> One of the beauties of the L network is that we have a choice of values for
> the L and C depending on their location or position relative to each other.
> This makes it possible to choose the lowest loss configuration from the mix.
If it is a Ten-Tec model 238 or 235, and probably also 229, there are
only two configurations available. Those two configurations both have
the L in series. The shunt C can be switched to either the source or the
load end of the L. (There is also a very small L in series on the
opposite side of the C, which makes it actually a T network. This L is
so small that it serves mostly to counteract stray or minimum
capacitance. This makes it so that there is not an unobtainable tuning
zone between the two configurations.) For either configuration there is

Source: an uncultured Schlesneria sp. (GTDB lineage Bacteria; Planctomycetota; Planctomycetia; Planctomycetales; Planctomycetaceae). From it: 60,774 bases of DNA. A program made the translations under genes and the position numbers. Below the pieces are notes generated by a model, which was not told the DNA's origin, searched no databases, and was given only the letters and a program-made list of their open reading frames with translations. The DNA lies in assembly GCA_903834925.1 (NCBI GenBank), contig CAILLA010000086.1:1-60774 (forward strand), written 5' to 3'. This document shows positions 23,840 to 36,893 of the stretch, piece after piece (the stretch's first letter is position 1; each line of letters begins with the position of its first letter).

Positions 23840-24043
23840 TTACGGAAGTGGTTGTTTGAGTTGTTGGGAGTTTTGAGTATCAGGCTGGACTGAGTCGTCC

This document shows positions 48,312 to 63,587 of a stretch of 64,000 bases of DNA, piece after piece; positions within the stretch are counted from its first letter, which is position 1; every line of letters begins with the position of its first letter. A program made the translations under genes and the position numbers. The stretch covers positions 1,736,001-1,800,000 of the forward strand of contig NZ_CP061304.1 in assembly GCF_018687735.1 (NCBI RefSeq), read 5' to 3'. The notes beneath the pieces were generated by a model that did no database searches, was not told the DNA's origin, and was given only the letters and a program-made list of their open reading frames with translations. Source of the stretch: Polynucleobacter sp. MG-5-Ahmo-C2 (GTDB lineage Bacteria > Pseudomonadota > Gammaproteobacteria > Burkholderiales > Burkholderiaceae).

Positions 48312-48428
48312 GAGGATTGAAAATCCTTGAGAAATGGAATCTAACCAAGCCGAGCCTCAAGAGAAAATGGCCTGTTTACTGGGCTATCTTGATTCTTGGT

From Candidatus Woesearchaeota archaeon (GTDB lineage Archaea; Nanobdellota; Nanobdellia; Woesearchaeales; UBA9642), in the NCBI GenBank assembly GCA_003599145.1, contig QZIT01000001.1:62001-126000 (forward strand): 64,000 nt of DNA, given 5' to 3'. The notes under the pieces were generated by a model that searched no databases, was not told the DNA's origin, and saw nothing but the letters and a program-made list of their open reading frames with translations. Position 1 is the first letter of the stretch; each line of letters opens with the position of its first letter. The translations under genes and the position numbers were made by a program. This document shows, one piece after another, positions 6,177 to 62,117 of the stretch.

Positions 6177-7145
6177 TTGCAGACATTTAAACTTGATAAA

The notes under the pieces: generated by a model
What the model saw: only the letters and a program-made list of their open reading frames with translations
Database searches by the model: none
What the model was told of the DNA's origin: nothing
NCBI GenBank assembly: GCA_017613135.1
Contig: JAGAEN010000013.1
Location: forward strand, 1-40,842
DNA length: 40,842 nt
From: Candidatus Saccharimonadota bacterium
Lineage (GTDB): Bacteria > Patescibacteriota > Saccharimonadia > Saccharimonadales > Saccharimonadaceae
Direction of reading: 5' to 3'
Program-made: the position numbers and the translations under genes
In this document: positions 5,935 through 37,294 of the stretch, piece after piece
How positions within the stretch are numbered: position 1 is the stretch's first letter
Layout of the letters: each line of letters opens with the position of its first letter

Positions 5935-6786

no more than one setting of the L and C that gives a match. In some
cases there may not be enough L or C to get a match in one of the
configurations, or perhaps not in either configuration. In any case,
when you do find match, it is never a really high Q match, and there
will not be really high circulating currents or high voltages. The two
configurations available may not alway be the lowest loss configurations
possible using only two elements in a L network, though they are usually
pretty darn good. It is simple and effective.
TenTec mailing list